Natasha Trethewey's poem "Pilgrimage" is my choice for Poetry Friday. She writes for adults, not children, but teenagers are certainly up to this particular poem. It's about Vicksburg, Mississippi, which is on the Mississippi River. As you probably know, the fall of the city during the Civil War marked a turning point because the Union Army then gained control of the river, dividing the South as well. There's a national military park in the rolling hills on the west side of Vicksburg; 17,000 Union Army troops are buried there. 17,000. "This whole city is a grave," Trethewey writes.
Trethewey, a native of Gulfport, Mississippi, won a Pulitzer this year for Native Guard, the collection in which "Pilgrimage" appears. The publisher, Houghton Mifflin, offers a podcast of Trethewey reading from and talking about the book.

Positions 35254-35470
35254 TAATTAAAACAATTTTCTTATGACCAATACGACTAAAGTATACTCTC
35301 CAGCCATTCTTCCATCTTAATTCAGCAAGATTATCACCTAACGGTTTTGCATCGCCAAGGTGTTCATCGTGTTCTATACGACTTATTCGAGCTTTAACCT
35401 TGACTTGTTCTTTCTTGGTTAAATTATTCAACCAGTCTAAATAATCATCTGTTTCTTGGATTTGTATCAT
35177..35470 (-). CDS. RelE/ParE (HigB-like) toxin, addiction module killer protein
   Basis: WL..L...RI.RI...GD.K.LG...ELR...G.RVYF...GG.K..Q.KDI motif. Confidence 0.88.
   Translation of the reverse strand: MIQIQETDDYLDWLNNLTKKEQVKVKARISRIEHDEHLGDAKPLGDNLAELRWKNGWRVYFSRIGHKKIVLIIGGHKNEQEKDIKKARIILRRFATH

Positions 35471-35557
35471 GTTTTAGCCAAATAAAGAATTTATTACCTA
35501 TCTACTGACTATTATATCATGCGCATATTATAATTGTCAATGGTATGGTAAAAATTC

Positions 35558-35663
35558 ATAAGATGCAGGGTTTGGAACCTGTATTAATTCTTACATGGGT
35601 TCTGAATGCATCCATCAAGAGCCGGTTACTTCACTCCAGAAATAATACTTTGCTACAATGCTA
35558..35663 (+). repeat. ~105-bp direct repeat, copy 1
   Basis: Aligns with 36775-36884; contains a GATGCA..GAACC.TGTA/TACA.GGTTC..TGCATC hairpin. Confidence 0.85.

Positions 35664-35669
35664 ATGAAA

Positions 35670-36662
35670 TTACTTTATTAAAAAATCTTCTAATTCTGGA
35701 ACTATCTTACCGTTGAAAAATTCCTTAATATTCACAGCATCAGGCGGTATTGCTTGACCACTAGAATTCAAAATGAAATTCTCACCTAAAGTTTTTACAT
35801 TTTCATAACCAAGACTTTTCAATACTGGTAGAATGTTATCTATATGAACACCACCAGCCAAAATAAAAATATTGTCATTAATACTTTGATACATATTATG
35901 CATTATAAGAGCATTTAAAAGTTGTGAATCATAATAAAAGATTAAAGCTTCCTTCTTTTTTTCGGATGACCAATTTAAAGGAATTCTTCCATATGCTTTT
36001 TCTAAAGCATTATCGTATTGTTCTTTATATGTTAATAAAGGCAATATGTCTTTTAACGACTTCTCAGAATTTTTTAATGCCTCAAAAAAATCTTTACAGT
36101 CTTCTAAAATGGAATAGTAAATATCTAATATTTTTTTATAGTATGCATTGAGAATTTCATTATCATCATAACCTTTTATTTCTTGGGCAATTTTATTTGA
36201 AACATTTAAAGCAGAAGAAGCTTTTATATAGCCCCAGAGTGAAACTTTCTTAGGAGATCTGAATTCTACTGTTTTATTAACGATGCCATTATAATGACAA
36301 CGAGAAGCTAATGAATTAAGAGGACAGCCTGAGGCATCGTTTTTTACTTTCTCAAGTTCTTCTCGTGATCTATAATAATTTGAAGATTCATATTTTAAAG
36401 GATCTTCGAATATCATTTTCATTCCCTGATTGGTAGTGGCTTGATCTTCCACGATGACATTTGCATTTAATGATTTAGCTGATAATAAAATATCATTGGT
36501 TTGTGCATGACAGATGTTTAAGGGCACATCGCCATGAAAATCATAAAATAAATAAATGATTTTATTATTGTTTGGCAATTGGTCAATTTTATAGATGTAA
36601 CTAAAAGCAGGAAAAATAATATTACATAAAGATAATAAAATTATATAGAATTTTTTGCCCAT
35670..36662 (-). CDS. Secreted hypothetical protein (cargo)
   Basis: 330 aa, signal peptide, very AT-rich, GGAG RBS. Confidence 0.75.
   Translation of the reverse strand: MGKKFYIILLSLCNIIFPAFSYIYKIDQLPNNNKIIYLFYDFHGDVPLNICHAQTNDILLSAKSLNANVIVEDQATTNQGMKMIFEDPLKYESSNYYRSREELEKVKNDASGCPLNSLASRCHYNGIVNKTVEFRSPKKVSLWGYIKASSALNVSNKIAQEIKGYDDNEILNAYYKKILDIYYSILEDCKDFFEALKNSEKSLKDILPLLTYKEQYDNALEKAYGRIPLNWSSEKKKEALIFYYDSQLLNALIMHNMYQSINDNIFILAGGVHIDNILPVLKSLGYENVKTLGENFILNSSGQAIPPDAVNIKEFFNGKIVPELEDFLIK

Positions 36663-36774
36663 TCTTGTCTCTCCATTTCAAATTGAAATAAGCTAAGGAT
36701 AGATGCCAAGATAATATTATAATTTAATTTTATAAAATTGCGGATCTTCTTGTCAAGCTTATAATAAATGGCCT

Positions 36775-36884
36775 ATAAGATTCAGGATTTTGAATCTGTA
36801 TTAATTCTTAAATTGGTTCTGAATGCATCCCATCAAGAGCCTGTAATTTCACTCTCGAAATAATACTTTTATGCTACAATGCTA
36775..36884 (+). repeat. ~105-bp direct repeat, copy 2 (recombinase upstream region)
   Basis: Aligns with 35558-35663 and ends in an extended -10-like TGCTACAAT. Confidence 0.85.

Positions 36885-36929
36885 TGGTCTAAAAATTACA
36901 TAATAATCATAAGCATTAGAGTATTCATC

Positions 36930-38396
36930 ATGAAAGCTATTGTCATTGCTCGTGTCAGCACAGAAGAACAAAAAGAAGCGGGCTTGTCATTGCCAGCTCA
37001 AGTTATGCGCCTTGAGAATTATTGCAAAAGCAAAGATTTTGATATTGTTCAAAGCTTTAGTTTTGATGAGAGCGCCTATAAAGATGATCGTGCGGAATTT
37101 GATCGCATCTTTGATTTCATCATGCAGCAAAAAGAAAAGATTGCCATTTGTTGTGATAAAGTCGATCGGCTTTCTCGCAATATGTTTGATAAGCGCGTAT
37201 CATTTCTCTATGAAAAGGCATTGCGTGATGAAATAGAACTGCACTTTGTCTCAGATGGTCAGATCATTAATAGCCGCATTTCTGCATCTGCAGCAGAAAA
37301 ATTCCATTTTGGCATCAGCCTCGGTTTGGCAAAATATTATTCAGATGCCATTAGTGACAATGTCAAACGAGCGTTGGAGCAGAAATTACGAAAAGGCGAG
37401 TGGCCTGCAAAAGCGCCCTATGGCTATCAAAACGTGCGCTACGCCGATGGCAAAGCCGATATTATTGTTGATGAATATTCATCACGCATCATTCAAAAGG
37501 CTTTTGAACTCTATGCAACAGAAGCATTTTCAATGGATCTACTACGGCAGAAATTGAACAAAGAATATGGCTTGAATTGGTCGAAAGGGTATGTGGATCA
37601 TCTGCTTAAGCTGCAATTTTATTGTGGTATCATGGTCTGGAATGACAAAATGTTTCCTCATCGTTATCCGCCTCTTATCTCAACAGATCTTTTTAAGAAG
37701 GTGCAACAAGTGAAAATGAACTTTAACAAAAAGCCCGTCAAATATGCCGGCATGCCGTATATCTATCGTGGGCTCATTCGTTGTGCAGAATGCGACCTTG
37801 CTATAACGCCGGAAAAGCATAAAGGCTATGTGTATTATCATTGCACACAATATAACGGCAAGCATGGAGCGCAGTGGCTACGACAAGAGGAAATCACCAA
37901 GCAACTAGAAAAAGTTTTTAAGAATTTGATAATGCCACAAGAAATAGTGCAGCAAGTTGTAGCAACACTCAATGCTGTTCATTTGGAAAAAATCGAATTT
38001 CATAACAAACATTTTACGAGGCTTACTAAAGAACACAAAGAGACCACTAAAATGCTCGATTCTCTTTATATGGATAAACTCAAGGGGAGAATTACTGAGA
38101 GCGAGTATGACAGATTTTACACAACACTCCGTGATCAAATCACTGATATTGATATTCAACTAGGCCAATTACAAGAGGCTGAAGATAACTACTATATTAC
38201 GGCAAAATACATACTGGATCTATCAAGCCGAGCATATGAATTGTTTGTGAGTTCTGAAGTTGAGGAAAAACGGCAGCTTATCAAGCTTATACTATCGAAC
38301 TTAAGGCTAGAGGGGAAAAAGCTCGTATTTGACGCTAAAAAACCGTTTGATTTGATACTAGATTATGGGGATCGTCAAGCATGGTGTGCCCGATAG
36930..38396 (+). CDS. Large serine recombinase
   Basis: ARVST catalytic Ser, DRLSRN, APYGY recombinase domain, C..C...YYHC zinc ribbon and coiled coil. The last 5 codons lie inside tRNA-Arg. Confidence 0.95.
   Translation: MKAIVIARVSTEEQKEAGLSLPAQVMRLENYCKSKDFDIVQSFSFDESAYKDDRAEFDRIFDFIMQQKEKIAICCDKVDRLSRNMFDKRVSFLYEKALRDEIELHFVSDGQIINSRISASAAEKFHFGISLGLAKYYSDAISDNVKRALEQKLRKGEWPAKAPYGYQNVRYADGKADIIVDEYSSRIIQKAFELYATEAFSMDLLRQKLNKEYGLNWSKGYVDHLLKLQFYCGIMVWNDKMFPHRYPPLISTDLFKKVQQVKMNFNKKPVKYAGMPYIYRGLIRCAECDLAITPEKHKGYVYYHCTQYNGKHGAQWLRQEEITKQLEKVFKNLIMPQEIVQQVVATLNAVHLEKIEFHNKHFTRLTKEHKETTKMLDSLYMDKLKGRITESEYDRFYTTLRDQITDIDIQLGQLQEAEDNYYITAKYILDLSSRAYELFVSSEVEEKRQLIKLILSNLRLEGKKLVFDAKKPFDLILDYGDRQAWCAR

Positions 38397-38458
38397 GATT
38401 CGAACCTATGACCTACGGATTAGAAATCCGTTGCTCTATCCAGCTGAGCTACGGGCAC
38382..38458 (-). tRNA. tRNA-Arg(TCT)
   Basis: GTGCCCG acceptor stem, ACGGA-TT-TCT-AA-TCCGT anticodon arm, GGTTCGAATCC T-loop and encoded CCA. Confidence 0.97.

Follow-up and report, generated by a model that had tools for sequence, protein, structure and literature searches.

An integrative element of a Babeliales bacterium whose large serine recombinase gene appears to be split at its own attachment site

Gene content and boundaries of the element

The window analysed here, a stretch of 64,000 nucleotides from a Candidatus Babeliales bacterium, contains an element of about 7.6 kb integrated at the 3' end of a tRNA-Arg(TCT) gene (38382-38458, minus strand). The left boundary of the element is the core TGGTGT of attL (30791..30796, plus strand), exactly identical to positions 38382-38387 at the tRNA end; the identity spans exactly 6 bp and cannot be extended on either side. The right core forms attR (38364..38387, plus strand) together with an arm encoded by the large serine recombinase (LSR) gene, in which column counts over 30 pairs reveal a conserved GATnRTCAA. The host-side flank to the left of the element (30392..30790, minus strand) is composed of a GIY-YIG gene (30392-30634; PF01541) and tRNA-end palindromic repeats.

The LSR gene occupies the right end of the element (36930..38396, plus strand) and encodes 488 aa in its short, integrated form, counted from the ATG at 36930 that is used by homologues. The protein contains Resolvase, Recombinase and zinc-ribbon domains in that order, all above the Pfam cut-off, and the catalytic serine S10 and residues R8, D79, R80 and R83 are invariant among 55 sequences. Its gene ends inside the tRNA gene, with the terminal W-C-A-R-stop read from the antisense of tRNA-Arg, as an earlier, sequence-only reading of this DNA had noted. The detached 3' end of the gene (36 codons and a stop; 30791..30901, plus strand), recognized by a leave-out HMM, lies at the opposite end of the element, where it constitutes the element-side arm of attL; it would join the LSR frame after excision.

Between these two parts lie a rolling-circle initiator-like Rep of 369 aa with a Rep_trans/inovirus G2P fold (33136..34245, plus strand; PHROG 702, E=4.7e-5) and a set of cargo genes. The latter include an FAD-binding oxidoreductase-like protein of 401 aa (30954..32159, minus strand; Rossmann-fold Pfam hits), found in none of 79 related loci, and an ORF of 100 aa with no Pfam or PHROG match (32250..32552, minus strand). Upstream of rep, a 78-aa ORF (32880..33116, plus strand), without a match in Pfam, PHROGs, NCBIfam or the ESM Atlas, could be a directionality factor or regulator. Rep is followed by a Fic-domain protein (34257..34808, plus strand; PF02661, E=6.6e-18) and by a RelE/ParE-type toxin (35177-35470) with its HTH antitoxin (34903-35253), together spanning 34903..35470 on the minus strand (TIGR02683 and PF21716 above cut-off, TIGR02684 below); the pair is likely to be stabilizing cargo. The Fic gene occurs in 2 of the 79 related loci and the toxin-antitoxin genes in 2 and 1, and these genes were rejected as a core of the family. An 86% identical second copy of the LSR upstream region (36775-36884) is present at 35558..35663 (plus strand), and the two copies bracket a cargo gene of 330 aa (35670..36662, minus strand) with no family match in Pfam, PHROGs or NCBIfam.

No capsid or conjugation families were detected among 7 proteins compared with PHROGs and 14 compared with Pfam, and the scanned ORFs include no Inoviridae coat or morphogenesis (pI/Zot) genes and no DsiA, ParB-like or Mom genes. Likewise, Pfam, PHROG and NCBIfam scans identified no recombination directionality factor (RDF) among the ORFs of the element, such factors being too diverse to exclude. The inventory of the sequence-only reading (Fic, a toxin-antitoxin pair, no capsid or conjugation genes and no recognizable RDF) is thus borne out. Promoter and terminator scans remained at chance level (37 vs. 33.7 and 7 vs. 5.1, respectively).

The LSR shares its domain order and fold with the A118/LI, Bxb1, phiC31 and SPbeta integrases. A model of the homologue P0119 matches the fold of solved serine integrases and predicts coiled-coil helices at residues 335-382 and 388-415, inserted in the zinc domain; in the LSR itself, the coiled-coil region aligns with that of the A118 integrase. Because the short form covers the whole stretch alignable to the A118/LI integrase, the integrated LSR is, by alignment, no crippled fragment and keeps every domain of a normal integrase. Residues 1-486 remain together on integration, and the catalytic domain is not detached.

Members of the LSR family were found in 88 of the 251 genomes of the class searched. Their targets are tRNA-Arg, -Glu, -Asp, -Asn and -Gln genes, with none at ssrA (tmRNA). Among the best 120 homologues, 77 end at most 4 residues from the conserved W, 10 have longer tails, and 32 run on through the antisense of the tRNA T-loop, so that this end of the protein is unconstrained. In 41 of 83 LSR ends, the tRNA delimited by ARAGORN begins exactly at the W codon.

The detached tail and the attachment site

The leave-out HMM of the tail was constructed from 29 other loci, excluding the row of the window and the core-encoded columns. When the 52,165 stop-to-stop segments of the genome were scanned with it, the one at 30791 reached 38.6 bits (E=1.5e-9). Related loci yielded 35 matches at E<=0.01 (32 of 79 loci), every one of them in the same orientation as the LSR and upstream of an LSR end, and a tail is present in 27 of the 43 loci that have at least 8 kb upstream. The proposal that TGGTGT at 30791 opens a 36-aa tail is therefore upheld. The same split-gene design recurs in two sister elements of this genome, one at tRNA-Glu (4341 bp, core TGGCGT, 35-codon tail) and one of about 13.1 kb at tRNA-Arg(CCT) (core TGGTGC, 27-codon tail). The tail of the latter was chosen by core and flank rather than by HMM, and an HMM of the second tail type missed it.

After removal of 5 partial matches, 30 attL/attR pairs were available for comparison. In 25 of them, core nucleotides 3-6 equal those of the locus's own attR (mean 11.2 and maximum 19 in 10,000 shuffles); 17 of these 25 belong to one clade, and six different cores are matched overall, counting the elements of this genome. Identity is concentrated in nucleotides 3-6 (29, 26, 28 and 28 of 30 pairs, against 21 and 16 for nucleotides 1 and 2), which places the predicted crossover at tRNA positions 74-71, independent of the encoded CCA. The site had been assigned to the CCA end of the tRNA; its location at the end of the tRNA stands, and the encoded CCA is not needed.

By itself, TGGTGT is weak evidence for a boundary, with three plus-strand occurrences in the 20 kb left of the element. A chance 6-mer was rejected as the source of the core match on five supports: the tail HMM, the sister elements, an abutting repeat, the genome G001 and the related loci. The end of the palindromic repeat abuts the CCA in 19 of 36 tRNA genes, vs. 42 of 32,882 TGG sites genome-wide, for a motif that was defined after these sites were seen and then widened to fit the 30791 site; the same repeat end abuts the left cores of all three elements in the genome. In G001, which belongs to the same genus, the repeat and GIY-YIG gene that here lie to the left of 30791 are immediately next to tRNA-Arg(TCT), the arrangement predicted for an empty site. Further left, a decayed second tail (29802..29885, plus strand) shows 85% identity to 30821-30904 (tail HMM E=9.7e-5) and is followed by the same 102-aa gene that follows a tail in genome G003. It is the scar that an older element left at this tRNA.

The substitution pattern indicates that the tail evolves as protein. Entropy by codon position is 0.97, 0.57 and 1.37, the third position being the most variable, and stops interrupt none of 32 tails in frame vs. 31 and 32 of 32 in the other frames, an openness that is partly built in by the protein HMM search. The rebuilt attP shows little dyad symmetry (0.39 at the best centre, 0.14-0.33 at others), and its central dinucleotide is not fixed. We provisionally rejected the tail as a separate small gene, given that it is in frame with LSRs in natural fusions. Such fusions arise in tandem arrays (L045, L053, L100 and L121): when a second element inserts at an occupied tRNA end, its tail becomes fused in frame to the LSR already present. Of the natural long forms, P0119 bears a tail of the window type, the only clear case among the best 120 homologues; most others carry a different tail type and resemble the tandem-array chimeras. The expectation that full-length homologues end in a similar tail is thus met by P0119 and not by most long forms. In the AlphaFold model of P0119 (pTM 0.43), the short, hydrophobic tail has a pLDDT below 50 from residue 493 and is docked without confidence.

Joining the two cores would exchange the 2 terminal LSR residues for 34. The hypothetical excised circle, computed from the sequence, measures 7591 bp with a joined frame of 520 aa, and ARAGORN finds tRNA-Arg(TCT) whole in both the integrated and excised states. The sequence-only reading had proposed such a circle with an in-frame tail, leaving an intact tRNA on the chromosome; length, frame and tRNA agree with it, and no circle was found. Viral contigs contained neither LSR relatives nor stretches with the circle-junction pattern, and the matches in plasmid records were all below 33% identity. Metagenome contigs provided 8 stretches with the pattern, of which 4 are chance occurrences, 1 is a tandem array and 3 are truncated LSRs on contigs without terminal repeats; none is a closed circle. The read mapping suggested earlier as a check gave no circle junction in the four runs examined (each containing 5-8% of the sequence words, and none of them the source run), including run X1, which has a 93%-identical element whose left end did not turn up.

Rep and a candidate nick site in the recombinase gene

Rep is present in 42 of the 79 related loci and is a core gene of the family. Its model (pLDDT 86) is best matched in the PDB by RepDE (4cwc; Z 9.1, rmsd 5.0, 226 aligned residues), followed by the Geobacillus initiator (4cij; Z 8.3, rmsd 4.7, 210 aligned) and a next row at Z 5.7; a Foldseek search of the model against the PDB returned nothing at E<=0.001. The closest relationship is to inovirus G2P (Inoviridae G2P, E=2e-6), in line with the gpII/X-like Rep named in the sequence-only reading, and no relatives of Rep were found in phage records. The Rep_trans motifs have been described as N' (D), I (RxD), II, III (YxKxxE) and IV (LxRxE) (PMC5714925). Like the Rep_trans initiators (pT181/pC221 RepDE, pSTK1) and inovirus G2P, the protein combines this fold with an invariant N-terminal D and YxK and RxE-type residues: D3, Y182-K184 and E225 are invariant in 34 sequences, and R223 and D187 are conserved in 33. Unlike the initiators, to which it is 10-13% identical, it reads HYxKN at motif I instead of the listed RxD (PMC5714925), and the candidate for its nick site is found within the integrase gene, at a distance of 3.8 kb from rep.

Here, the Mississippi carved
its mud-dark path, a graveyard
for skeletons of sunken riverboats.
Here, the river changed its course,
turning away from the city
as one turns, forgetting, from the past—
To read the entire poem, go to Poets.Org, the web site of the Academy of American Poets.
Update: Monica Edinger, who blogs at Educating Alice, told me that Natasha Trethewey was an artist-in-residence at the Dalton School in NYC last spring. Monica, who teaches fourth grade there, kindly gave the link for a podcast in which Natasha Trethewey and some of the children recite their works. Thanks, Monica!
Literary Safari rounds up all the Poetry Friday posts on this last Friday in October. (Where did the month go?)